Boats and Borders: A Longwinded Meditation on our High-Carbon Society

Cars embarking on the cross-channel ferry at Dover. Is this really the most efficient way to carry people across water?

I’ve recently been invited to speak at my first conference. Even more exciting than that is the fact that the conference is being held in Valencia, Spain. So within literally half an hour of receiving my formal inviation, I came up with a very exciting plan: Go to the two-day conference in Valencia, and then go find a nice Spanish beach to lie on for the rest of the week. I immediately commenced procrastinating from my real work by planning my trip from Manchester to Valencia. Being a bit of a hippy environmentalist who loves trains and boats and hates sitting in front of screaming babies on planes, I looked for a some combination of rail and ferry networks that would get me there. This turned out to be frustrating, however. Partly because the Spanish rail network is an a bit of a shambles, but more importantly because many of the ferries from Southern England to Spain do not allow foot passengers on board.

It is this last point that I want to riff on a little bit in this post. If the fact that many of our major water-borne transport networks can’t be boarded without a car isn’t a knockdown demonstration of car culture, then I don’t know what is. Even those ferries that do allow foot passengers often put them at a considerable disadvantage. I know from experience that such boats often require foot passengers to disembark using a bus that drives off the boat after all the drivers have already left, which effectively adds at least half an hour to the journey time. And port facilities are rarely well-connected to railway or bus terminals. I’ve had to walk over a mile to catch a ferry in the past.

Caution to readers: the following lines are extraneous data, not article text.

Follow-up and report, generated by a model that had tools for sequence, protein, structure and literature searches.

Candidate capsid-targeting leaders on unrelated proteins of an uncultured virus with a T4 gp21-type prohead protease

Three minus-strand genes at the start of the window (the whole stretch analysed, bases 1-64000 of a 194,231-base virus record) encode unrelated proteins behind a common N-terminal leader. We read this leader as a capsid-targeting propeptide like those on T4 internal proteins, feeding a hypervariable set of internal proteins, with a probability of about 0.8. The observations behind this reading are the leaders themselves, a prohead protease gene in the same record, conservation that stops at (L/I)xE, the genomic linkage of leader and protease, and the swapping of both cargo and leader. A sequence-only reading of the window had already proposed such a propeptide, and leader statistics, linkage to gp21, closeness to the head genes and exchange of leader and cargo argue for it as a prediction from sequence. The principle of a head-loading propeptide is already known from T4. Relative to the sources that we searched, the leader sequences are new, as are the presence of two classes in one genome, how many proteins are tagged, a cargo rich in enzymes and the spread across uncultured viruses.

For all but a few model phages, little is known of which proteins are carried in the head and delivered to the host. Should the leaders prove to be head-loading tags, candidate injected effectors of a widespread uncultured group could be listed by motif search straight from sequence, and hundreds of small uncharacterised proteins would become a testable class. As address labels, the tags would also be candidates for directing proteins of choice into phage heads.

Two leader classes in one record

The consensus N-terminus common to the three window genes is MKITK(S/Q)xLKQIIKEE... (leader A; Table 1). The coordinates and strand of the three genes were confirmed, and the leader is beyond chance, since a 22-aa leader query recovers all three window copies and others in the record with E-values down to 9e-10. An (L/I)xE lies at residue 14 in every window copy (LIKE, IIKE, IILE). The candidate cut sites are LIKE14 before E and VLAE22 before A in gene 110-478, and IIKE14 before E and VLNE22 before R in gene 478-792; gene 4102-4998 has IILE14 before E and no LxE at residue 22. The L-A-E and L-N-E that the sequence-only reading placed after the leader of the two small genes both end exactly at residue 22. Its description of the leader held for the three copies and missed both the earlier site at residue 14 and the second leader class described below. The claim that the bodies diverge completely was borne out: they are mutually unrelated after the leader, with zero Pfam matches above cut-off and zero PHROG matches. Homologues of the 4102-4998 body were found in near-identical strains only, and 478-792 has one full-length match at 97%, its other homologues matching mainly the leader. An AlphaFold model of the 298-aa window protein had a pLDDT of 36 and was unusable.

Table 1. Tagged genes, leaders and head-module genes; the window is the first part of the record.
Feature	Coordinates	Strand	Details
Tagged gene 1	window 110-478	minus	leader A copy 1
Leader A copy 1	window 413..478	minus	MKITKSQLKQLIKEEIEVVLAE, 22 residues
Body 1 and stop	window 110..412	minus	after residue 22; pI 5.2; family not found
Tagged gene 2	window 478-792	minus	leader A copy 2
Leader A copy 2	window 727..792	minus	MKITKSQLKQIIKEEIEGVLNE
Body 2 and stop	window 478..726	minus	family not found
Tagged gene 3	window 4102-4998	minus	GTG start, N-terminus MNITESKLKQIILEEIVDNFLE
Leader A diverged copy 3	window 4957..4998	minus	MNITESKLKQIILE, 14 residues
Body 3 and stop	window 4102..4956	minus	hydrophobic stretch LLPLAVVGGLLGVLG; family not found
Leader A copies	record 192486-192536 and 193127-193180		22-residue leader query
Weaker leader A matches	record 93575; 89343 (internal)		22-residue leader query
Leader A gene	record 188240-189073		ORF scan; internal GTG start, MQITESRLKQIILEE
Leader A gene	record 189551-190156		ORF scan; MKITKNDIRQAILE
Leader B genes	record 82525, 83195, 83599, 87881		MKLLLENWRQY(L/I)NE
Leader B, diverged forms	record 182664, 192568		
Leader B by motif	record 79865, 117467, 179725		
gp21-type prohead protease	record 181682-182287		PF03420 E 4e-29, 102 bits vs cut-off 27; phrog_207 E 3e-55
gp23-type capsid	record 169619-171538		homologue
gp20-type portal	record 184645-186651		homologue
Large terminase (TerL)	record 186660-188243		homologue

The reason this is so problematic is that ferries are the only really sustainable way to travel over water. My flight to Valencia, which I reluctantly booked after two days of fruitless searching for a viable ferry itinerary, will emit 0.3 tons of carbon dioxide each way, which will add up to a whopping 40% of my ideal annual carbon budget over the course of the whole trip. So if we are going to transition to a sustainable economy then ferries are going to have to play a big role. The problem here is that, under the status quo, in order to avoid using the most environmentally destructive form of transport on the planet (flying), it is highly advantageous and sometimes mandatory to own a car, which happens to be the second-most environmentally destructive form of transport on the planet. There is very little space for people who choose to forego both technologies, and this is a problem.